Trip Start Jun 29, 2005
235Trip End Nov 30, 2009
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Unlike Railay, parts of Koh Phi Phi were absolutely obliterated by the waves, and hundreds of people died here. There is reconstruction going on all around but despite this, huge areas by the waterfront are still vacant and waiting for developers to sink their hungry teeth into. For once politicking may be working out for the general and environmental good.
When I arrived I could hardly recognise the place - everything within 50 metres of the west beach, both left and right of the jetty area, is gone. The large tree used to mark a junction of pathways, one that lead from the jetty to the west beach and that was flanked on both sides by shops. The other was very pretty - a white sand path running along the top of the west beach. On the beach side of the path, nice trees, shrubs and the occasional tiny beach bar provided shade and divided the beach from the cafes, restaurants and bungalow receptions that ran along the other, right out to the Sunflower bar area. My recollections of the effect was as if walking through a green and very mellow cave, with a nice sandy floor. Unfortunately most of it was reclaimed by the sea...
The series of pictures above mark the approximate location of the beach bungalows Ains and I stayed in on the last visit - where not even a stilt pole still stands. Many of the coconut palms have been severed. It must have been an awesomely powerful set of waves.
Still, both locals and tourists here now seem happy. It's coming into high season and the crowds are already about to lend support to the island. There's a good growth and progress vibe which is infectious and helps deal with the little inconveniences that one comes up against on a regular basis, like walking through construction zones pretty well wherever you go.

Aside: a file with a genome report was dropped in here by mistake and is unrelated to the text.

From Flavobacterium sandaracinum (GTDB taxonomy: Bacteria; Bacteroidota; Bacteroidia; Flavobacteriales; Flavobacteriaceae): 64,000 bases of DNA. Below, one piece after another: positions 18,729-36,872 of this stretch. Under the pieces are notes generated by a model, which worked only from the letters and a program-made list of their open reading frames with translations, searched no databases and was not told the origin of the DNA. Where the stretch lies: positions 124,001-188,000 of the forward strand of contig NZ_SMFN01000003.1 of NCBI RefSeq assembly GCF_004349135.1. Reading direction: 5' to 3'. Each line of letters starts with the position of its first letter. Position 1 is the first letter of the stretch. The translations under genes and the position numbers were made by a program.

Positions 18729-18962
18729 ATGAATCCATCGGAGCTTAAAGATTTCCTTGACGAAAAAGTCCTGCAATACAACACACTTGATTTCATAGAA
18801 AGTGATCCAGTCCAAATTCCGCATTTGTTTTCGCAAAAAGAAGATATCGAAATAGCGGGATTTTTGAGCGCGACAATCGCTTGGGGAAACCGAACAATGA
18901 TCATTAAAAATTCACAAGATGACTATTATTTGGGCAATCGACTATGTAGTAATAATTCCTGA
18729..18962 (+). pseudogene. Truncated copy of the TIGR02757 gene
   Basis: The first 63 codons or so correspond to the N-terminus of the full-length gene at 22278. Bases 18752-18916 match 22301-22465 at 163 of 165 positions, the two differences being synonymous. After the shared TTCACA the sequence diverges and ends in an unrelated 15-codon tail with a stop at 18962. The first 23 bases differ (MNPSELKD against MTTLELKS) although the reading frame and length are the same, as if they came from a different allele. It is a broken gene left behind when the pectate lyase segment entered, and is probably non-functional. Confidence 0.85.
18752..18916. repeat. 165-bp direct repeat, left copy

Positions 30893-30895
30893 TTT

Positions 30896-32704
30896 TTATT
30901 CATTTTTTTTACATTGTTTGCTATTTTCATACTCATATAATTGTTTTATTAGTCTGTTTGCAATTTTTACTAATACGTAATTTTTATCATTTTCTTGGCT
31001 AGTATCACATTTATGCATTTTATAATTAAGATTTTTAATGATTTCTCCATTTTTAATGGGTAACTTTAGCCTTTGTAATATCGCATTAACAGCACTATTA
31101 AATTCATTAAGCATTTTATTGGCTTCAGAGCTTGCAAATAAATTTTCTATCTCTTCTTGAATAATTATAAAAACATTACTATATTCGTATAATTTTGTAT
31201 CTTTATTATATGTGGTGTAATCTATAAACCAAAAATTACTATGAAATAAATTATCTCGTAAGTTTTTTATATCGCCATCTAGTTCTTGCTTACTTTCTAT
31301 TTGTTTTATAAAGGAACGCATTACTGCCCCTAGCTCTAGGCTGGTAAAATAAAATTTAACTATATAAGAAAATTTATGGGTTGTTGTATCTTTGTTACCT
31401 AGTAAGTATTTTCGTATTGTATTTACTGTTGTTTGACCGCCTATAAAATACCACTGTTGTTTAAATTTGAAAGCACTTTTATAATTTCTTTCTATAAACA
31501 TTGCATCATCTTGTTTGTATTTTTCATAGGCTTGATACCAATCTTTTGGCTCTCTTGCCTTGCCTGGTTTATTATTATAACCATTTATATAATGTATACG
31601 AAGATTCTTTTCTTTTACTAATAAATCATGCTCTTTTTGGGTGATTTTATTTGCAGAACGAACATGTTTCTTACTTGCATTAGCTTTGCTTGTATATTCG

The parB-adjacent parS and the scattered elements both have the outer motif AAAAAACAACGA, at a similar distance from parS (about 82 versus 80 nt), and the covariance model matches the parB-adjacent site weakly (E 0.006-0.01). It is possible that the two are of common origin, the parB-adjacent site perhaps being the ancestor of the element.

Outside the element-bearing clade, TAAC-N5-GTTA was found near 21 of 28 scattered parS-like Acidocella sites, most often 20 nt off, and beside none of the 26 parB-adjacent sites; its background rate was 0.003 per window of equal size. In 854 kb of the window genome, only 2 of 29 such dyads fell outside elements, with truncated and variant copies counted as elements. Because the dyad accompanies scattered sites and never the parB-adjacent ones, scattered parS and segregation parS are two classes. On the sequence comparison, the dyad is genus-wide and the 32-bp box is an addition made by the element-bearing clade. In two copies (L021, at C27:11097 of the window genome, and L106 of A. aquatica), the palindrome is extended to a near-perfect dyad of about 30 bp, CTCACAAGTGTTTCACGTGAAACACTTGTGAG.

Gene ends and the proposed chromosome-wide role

I came in on the morning ferry (9.30am) from Krabi after another taste of the boating mafia that seems to have gripped the area. Because of it I ended up doing a circular journey from Tonsai to Ao Nang, then bus to Krabi, only to sail by Ao Nang again an hour and 200 baht poorer. The upside was I ran into Curtis, Canadian rock climber extraordinaire, on the ferry heading to the island. He was off to see the gang from the Perhentians, so I would get to catch up with them again after all.
Within an hour of arrival we'd met up and I was checked into a fantastic large bungalow at Tropical Gardens. Although a long way up the hill, the ambience and facilities were second to none at the 400 baht/night price point, only 100 additional on very basic rooms less than 50 metres away). With a pool, queen sized beds, designer bath, great music, friendly staff and an excellent variety of plants and wildlife in the garden, I highly recommend it (you'll love it Anna).
Later that afternoon I felt better than I had in days, so decided to help out with some volunteer work, hauling seedlings about the place in preparation for planting. It was good to contribute and the locals certainly appreciated it, giving us little Longang fruits and smiles all round for our toils. A lot of sun, sweat and mosquito bites later I retired for some dinner, and not long after that the combination of heat and light meals in recent days hit me, I went feverish and slept for about twelve hours straight. I obviously wasn't quite over the illness that had beset me in Railay.